The brown sugar here has a stronger molasses smell and flavor than in the states. I wonder if it is real brown sugar, because I understand that a lot of the brown sugar in the U.S. is white sugar coated with molasses. Anyway, I'll reduce the brown sugar next time, too.

Wait, jonmc, I don't understand what's wrong with calling them tollhouse cookies? The tollhouse recipe seems a lot butterier than the Betty Crocker recipe I had used before, so they are distinct from other chocolate chip cookies, in my mind. Not like snickerdoodle/sugar cookie different, but different.
posted by MsDaniB at 4:52 PM on November 6, 2014

MsDaniB, is the flour different? I initially had trouble with that when baking in Japan. Differing gluten content, I think.

Anyhow, I would like to vouch for the toll house recipe, rest overnight in fridge, sprinkle sea salt on top. A winner in the chocotaco household.
posted by chocotaco at 6:54 PM on November 6, 2014

That's a good question, chocotaco. It wouldn't surprise me, but other things have turned out as expected. There are lots of flours that seem like they're probably different, but I can't read much at all, so I just make sure to get a bag that has a picture of wheat on it.
I will def rest the dough next time, too.
posted by MsDaniB at 10:12 PM on November 6, 2014

If you just want the results


*sees nothing*

*frowny face*
posted by soundguy99 at 10:46 PM on November 6, 2014 [3 favorites]

My go-to recipe is from this Ask. I substitute whole wheat flour for white flour for an earthier taste. As described above, browning the butter is key.
posted by euphorb at 5:38 AM on November 7, 2014 [1 favorite]

I was hoping that all of these variations might lead me to a clue about how to re-create the best chocolate chip cookies I'd ever had. The dough was basically a thin, soft, buttery membrane that just barely held the chocolate chips together, and the ratio of chocolate to dough was high. Unfortunately, none of the results look or sound remotely close. And the shop that used to make them is closed forever.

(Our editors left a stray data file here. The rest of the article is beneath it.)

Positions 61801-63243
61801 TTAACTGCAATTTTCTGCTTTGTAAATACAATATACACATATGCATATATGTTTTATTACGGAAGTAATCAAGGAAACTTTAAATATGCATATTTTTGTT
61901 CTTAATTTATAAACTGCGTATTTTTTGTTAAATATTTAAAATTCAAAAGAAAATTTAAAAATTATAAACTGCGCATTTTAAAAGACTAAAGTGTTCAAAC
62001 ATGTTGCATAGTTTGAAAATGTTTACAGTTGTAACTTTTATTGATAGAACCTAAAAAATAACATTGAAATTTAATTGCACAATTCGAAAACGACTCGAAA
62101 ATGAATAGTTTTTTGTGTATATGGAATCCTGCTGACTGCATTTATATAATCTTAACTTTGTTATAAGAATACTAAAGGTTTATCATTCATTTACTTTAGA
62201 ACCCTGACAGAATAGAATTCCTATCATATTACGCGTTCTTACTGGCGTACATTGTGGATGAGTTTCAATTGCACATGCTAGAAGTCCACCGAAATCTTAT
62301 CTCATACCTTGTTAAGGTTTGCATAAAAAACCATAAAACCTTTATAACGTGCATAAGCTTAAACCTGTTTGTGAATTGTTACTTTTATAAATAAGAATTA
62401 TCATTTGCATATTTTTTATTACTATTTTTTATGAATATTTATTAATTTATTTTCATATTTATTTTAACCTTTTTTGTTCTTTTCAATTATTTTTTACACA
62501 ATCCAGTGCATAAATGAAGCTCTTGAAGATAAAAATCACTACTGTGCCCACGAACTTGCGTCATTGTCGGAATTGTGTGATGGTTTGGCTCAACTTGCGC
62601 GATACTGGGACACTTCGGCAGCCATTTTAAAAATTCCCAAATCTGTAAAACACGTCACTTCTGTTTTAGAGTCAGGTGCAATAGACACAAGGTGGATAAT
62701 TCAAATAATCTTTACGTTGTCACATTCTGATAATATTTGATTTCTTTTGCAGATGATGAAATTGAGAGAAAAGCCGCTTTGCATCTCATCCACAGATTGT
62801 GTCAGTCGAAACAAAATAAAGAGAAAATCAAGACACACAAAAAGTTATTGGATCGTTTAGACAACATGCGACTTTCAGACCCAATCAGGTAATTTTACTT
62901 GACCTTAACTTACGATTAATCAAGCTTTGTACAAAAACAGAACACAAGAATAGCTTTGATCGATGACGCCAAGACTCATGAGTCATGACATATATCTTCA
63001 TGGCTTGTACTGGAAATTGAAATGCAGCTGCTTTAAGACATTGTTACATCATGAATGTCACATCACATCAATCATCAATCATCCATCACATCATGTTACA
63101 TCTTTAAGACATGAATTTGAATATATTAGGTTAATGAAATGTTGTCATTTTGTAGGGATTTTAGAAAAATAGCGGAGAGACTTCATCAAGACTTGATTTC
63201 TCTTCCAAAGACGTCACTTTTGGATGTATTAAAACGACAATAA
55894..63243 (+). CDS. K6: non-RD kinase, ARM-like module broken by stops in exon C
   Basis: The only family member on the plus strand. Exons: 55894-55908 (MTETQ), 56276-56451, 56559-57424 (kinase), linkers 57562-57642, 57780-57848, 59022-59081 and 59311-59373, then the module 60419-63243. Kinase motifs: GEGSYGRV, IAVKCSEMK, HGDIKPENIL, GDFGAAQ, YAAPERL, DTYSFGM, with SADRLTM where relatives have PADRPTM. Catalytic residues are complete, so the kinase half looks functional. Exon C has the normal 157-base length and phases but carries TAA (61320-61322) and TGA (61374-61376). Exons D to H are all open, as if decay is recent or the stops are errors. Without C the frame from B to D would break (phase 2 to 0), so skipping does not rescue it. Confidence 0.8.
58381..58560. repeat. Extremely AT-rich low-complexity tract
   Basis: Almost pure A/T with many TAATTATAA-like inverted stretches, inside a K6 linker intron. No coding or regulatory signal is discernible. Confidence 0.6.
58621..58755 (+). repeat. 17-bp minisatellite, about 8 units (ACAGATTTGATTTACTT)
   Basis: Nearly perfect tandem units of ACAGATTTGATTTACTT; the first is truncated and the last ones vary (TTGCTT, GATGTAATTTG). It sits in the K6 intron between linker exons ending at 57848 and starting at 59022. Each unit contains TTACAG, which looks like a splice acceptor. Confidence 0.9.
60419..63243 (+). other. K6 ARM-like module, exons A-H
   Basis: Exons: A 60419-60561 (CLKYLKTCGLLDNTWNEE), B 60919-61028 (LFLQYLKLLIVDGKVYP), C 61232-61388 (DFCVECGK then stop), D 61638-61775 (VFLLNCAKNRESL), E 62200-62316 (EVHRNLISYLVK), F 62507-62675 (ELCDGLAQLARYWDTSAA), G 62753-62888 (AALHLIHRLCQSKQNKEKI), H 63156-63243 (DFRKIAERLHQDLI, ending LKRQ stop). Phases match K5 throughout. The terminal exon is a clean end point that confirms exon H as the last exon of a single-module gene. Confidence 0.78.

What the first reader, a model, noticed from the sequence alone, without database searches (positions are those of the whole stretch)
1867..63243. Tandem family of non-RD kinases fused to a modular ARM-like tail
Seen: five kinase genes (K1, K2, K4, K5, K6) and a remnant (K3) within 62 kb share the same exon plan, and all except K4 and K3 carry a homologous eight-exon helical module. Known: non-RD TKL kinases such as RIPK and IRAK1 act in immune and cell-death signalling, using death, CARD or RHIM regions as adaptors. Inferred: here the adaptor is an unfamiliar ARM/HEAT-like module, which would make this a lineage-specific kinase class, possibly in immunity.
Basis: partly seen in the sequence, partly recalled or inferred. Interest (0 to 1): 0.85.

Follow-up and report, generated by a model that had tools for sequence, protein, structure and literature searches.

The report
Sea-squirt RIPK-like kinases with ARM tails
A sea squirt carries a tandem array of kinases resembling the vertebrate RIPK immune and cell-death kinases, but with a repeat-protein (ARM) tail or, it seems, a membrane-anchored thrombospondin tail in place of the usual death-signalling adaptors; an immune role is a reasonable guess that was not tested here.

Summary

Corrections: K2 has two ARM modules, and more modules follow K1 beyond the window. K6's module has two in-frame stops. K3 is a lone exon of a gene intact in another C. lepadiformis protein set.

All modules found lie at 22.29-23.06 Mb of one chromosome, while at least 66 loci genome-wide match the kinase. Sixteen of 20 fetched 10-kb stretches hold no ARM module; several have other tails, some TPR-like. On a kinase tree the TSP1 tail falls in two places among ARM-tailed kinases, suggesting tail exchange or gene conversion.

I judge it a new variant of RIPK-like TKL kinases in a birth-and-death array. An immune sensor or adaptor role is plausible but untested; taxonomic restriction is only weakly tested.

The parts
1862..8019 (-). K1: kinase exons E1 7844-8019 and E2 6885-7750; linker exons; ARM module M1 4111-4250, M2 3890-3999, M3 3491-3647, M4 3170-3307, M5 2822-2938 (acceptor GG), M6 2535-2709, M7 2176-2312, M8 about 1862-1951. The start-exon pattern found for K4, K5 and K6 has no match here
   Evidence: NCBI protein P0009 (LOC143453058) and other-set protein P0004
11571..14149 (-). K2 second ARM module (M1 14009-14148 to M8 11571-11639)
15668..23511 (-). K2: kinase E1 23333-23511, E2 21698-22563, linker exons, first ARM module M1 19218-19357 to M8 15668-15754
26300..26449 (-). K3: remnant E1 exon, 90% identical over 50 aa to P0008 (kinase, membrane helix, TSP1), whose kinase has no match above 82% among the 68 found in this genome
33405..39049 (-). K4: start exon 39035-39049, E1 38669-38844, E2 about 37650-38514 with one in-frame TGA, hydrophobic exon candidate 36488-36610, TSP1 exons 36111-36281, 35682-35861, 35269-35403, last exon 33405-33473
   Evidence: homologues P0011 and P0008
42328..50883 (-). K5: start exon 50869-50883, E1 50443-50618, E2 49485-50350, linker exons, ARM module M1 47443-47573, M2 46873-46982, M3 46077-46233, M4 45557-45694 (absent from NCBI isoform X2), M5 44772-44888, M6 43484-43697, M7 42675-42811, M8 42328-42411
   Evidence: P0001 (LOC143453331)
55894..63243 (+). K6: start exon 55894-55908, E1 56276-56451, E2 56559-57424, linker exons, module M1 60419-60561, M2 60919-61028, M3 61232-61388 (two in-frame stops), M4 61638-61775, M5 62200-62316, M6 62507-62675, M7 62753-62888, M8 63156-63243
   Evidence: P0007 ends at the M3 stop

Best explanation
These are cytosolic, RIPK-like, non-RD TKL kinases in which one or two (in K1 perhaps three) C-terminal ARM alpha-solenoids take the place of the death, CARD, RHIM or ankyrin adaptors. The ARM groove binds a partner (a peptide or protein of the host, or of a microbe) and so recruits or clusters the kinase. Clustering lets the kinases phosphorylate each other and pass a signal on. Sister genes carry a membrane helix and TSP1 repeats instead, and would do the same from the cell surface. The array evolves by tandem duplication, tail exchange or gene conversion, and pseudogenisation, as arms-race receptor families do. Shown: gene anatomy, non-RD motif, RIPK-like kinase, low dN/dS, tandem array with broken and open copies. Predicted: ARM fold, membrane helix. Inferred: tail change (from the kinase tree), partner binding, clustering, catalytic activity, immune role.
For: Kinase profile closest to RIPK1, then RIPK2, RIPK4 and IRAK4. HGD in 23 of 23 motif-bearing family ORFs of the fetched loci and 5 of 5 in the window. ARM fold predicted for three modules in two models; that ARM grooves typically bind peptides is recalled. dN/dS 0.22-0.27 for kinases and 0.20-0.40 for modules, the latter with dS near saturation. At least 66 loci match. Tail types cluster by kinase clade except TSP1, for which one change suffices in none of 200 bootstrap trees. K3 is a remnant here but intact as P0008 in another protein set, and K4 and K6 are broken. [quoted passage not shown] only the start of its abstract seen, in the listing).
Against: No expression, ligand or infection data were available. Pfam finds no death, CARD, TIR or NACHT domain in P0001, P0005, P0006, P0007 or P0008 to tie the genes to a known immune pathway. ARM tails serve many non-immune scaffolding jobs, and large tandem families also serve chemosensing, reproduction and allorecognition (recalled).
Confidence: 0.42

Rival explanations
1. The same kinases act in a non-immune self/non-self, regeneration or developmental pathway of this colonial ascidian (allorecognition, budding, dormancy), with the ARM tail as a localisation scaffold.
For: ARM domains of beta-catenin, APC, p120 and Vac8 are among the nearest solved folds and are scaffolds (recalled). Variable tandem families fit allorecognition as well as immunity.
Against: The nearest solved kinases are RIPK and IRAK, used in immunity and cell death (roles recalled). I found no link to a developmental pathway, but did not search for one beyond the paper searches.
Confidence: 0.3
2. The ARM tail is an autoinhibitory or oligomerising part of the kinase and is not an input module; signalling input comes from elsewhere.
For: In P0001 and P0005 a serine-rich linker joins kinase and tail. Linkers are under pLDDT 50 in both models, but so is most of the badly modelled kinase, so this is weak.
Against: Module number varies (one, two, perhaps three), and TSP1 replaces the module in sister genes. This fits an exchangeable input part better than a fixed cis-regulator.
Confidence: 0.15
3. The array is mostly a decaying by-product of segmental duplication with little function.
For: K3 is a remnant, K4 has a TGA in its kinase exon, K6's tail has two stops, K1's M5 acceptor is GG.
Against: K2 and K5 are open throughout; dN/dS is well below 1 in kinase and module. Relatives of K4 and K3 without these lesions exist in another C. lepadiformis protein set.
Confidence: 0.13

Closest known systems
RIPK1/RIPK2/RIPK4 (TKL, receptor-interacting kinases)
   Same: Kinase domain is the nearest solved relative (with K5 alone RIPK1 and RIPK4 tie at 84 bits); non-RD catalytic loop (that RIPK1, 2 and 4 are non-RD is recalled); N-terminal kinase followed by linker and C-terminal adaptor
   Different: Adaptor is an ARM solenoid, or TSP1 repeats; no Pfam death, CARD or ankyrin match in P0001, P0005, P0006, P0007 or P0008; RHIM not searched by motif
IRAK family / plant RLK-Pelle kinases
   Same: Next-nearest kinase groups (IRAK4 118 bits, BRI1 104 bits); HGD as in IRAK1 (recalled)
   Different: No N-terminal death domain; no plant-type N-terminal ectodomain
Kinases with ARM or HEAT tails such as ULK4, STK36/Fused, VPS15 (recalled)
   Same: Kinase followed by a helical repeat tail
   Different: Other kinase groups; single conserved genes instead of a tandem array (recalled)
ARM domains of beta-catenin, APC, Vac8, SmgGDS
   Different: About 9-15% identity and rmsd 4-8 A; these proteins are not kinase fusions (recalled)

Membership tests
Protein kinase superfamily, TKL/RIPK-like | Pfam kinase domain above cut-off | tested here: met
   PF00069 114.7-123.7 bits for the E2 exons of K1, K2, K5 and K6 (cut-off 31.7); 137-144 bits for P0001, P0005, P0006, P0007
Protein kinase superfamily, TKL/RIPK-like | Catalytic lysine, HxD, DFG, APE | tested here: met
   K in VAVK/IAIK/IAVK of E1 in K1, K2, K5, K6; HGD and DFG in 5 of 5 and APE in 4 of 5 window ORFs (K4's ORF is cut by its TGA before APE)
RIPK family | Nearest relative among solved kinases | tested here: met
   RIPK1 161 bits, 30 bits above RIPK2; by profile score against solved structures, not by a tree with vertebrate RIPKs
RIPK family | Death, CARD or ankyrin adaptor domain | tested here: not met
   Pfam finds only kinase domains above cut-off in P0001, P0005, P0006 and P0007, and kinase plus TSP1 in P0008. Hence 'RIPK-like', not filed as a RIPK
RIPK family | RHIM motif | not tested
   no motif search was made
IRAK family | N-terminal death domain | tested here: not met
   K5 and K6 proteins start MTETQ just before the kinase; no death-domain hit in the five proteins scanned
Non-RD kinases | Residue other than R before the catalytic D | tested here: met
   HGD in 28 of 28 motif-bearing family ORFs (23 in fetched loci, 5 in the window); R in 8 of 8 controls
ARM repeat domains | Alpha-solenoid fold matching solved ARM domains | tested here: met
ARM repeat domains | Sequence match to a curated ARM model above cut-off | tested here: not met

posted by creepygirl at 9:36 AM on November 7, 2014

I didn't see this mentioned in the link, but one trick I discovered recently is adding 2 teaspoons of cornstarch along with the flour. It sounds kind of weird (at least to me), but it has a great effect on the final texture of the cookies. It makes them pillowy and chewy in the best possible way, and they stay that way long after they've come to room temperature. I've also heard of a similar trick using vanilla pudding mix, but I have yet to try that.

I've tried several variations, but recently I've been sticking with this recipe from smitten kitchen, with the addition of the corn starch as noted.

Also, I definitely have found that the chilling the dough overnight thing makes a difference. Usually what I do is make the dough, maybe chill it for 30 minutes to an hour, then I bake a couple of "test cookies" and then bake the rest the following day. And when I say "test cookies" I mean not-enough-self-control-to-wait-24-hours cookies. But I can vouch for there being a discernible taste and texture difference. The caramel flavor comes through much more after waiting overnight.

Now all I want to do is bake...
posted by litera scripta manet at 10:09 AM on November 7, 2014

I didn't see this mentioned in the link, but one trick I discovered recently is adding 2 teaspoons of cornstarch

It's in guide 2, just after the dark nonstick baking sheet.
posted by Margalo Epps at 10:14 AM on November 7, 2014